A mobile app to boost customer loyalty

By: John McGarvey

Date: 9 January 2012

Mobile app Loyalli in action{{}}

Mobile loyalty card app Loyalli

I have six different loyalty cards in my wallet at the moment. Cafes, restaurants, bars, shops ... they all delight in letting you collect stamps towards a free gift. But the cards are a pain to carry and it can be a struggle to find the right one when you need it.

As problems go you’re not going to lose any sleep over it. But for independent retailers looking to build repeat business, loyalty cards can be hit and miss. I’ve often wondered how many of the cards they give out ever get redeemed.

Does the internet reduce or increase loyalty?

One of the strange things about technology is that while it gives businesses new channels through which to reach customers (email, social media, smart phone apps, etc), it simultaneously places a whole world of options in front of those customers. For instance, comparing prices from different retailers on the internet is a piece of cake.

So technology doesn’t always make it easy to build customer loyalty. I’d argue that in many cases it has the opposite effect, by encouraging people to shop around for everything.

All your loyalty cards in one place

Back in the physical world, independent outlets of all kinds are struggling to weather the ongoing economic storm. In this environment it’s interesting to see the launch of a new service designed to boost customer loyalty.

In true internet company fashion, it’s called Loyalli (I guess the domain name loyally.com was unavailable) and it’s a smart phone app which lets customers collect loyalty stamps without having to carry around physical cards. Loyalli is free for customers and retailers.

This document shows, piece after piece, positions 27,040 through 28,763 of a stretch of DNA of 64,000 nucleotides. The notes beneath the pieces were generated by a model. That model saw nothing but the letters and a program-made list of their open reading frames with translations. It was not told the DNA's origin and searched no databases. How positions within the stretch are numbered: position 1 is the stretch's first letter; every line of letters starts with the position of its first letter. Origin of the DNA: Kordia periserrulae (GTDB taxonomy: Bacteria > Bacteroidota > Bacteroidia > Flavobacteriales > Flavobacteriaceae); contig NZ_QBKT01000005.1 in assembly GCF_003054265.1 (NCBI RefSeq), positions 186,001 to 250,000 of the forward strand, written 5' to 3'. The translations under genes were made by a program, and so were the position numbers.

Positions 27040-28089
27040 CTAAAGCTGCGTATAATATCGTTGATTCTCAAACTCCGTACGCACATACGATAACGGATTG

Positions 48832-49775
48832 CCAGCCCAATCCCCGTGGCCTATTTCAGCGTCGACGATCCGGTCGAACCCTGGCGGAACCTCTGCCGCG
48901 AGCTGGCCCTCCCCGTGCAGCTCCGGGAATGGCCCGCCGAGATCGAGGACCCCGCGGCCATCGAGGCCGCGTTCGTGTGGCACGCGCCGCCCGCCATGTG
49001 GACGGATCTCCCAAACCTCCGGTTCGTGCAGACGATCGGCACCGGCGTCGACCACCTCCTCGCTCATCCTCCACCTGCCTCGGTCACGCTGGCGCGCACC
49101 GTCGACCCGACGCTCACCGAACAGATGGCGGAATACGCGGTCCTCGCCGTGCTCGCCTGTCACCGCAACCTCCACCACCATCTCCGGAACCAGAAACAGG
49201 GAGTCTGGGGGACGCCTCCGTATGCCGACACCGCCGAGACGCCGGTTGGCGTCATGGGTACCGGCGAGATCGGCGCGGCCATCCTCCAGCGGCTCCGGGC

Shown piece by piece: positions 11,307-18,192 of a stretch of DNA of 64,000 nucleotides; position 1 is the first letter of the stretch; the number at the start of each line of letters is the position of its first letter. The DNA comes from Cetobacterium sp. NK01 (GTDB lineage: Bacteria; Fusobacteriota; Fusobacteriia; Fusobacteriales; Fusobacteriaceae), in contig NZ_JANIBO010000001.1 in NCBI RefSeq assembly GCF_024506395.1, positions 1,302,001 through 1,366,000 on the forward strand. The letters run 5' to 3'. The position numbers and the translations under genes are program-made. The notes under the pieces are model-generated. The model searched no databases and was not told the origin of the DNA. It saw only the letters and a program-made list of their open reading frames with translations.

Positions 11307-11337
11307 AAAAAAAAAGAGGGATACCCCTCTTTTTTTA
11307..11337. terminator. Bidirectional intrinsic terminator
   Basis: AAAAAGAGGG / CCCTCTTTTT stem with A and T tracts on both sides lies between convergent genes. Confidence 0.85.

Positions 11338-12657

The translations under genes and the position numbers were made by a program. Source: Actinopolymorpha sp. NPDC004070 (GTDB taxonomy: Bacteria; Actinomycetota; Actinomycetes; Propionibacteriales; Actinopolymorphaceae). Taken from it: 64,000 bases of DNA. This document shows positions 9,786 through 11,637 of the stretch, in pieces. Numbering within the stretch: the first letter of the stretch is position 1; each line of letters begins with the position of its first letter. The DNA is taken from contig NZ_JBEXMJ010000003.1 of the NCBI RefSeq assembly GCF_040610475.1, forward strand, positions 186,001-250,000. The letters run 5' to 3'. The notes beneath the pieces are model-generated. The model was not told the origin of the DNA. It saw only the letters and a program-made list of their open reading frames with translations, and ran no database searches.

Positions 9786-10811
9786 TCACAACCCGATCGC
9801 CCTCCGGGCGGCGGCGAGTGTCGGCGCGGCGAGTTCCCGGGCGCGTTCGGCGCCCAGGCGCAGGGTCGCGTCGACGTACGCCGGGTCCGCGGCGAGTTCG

The idea is that when customers buy something from your restaurant, cafe or whatever, you give them a QR code to scan using their smart phone. (QR codes are like barcodes: you photograph them with your phone, then an app decodes them. Learn more about QR codes here.)

The QR code is unique to your business, so the app knows the customer has bought something from you. When a customer scans the code, the app uses the phone’s location features to check they’re actually in your shop (apparently this is just one of several anti-fraud measures) and then puts a virtual stamp on their virtual loyalty card.

When the customer has collected enough stamps, they just scan the QR code again to claim their free coffee, drink, meal or other reward. That also resets their virtual stamp card so they can carry on collecting.

Can it replace tatty cardboard?

With around 120 UK businesses signed up to Loyalli so far, it’s still early days for the service. And a quick search online reveals a number of competitors, like OneGratis (which doesn’t appear to have as many UK businesses signed up).

However, the limited number of companies using Loyalli may not matter. After all, if you simply want to use it to give your customers another way to collect loyalty stamps, perhaps it’s irrelevant how many other companies are using the service.

Having said that, Loyalli isn’t going to replace traditional loyalty cards any time soon. For one thing, not everyone has a smart phone. And even if all your customers do, you can bet they don’t all know how QR codes work – in a recent blog post on Marketing Donut, one expert revealed only 34% of people know what QR codes are used for.

That’s not to say that Loyalli won’t be a useful tool for your business. You just have to see it as another weapon in the fight for repeat business, rather than a miracle cure that’ll keep your customers coming back over and over again.

You can learn more about Loyalli at Loyalli.com.

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